Severe serum sickness-like reaction to oral penicillin drugs: Three case reports

A. J. Tatum, A. M. Ditto, R. Patterson*

*Corresponding author for this work

Research output: Contribution to journalArticlepeer-review

49 Scopus citations


Background: Because the use of heterologous sera has diminished, the incidence of serum sickness has declined. However, serum sickness-like reactions to nonprotein drugs continue to occur. Methods: We report three cases of severe serum sickness-like reactions in adults to oral penicillin drugs. Results: In each patient, significant symptom resolution occurred within 24 hours of starting therapy with oral corticosteroids. Conclusions: Serum sickness-like reactions to oral penicillin drugs may be more common than reported in the literature and can be very severe. No specific laboratory finding is universally present or definitively diagnostic. As with classic serum sickness, the diagnosis of serum sickness-like reaction is made clinically. In severe cases such as those presented here with debilitating joint symptoms or life-threatening angioedema, a diagnostic-therapeutic trial of prednisone, 40 to 60 mg at least once daily, is warranted.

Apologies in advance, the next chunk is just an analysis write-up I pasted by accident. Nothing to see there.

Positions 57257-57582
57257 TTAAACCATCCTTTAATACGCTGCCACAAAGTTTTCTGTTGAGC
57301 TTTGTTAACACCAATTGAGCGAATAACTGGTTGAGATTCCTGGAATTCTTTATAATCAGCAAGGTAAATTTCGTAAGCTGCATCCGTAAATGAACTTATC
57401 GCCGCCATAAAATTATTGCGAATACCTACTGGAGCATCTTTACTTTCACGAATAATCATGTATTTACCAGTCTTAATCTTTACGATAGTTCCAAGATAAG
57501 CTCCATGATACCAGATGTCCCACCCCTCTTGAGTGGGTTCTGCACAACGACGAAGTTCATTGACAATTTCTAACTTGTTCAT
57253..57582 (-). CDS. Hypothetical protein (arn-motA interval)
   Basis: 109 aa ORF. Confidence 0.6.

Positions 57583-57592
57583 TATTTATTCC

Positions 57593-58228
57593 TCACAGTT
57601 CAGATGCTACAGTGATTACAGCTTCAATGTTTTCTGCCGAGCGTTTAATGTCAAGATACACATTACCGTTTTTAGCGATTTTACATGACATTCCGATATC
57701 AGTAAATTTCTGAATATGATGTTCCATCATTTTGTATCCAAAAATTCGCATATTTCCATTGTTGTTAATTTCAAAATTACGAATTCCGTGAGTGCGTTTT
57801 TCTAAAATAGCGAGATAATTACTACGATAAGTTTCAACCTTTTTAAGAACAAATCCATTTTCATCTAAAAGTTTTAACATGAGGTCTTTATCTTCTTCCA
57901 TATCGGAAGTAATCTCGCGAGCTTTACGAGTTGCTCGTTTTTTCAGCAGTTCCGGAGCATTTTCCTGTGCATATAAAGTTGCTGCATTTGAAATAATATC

Original languageEnglish (US)
Pages (from-to)330-334
Number of pages5
JournalAnnals of Allergy, Asthma and Immunology
Issue number3
StatePublished - 2001

ASJC Scopus subject areas

  • Immunology and Allergy
  • Immunology
  • Pulmonary and Respiratory Medicine


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